Signs of a shift?

Fees generated by the top ten law firms fell by just over 3% on average in the year ended 30 April 2010. Firms ranked 11 to 25 show an average 2% fall compared to the previous year. By contrast, firms in the 26 to 50 group have consistently maintained fee levels, while firms in the 51 to 100 range have seen just over a 2% increase in fee levels on average. This seems to support anecdotal evidence that smaller firms are challenging the offering of larger firms, and we will watch with interest to see whether this shift becomes a more pronounced trend.

Staff costs

Staff costs as a share of turnover have remained broadly consistent across all sizes of firm among the top 100 – averaging between 40% and 45% of fees over the last two years. Firms in the 26 to 50 group are the most consistent, with their staff-to-fees cost percentage at a static average of 40%, while the average for all other categories of firm has fallen marginally.

Fees and profit per member

Fees per member remained fairly static compared to the previous year. There was a fall in the number of members in the top 25 firms, against a slight increase in the number of members for the 26 to 100 range. Average fees per member were just over £2m for the top ten, just over £1m for 11 to 25, just below £1m for 26 to 50, and just over £500,000 for the 51 to 100 bracket.

In terms of profitability, all but the top ten have shown increases compared to the previous year. However, the top ten are still significantly more profitable than the rest, with average profits per member at over £650,000, compared to the lowest group of 51 to 100, with average profits per member of just below £200,000.

Working capital

Across all top 100 firms, there has been a fall in the number of days that clients take to pay invoices. The largest fall in debtor days is for firms in the top ten, which have achieved an average reduction of over 30 days to just over 100 days in total.

Total lock-up, however, has only improved for the top ten. Taking into account recorded levels of work in progress, all other firms have shown on average an increase in total lock-up levels over the last two years.

It is perhaps surprising to see an increase in total lock-up, given increased pressure on law firms' finances, but this highlights the ongoing struggle that many firms face in getting their clients to pay on time.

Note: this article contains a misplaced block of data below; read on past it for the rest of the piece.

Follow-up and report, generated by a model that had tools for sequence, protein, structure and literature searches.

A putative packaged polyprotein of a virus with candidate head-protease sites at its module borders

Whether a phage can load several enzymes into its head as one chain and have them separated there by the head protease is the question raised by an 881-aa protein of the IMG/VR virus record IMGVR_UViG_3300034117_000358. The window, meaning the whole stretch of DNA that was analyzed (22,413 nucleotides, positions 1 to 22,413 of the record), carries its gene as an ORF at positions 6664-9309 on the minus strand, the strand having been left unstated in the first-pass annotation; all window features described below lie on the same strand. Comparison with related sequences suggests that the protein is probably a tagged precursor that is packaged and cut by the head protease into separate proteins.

Net assets per member

Unsurprisingly, the top ten firms show the highest average net assets per member, at just below £700,000, a slight fall compared to the previous year. This is in contrast to firms ranked 51 to 100, which on average show a slight increase, but still only to just above £200,000 per member. Net assets per member for firms in the 11 to 50 group are around £350,000 to £450,000 per member.

These figures are based on our analysis of the latest published LLP financial statements submitted by the UK's top 100 law firms.


By Rachel Stone

Apart from the monthly billing figures, how do you assess the contribution of each partner to the success of the firm, asks Rachel Stone?

We are often asked to assist managing partners with the challenging task of setting out performance criteria for partners. Many firms still focus on billable hours, but recognise that they should be taking a broader approach. By looking at overall partner responsibilities, it is possible to build a far more specific and adaptable model to identify clear performance indicators for each partner. We usually start with a simple model of the four areas where all partners have some responsibility, whatever their role.

Identifying key performance indicators

All partners have responsibilities in each area, but clearly the balance is different for each partner role. Working with your partner group, you can build a set of performance measures that reflect your current and future expectations of each partner. This gives you a structured starting point from which to discuss development objectives. For example, financial measures such as billable hours, recovery and team revenue are all important; so too are business development measures such as marketing activity, lead generation and conversion of prospects into clients.

Over time, this model can also form the basis of a more focused approach to partner reward, creating an opportunity to build a reward package that reflects financial contribution to the firm, but also assessing the impact of partners' work in other areas, particularly in developing and winning new business.


By Pambos Patsalides

Effective cash flow management is more important than ever. Pambos Patsalides gives a guide to getting it right.

Managing your firm's working capital – the amount of money needed to bridge the gap between paying out the firm's outgoings and getting paid by your clients – has a major impact on partner contributions and drawings. With banks becoming more demanding regarding bridging cash flow shortfalls, this balancing act has become critical to a firm's overall survival. Entrenched in this balancing act is the management of lock-up and the firm's ability to look into the future to deal with the cash flow peaks and troughs that may be looming.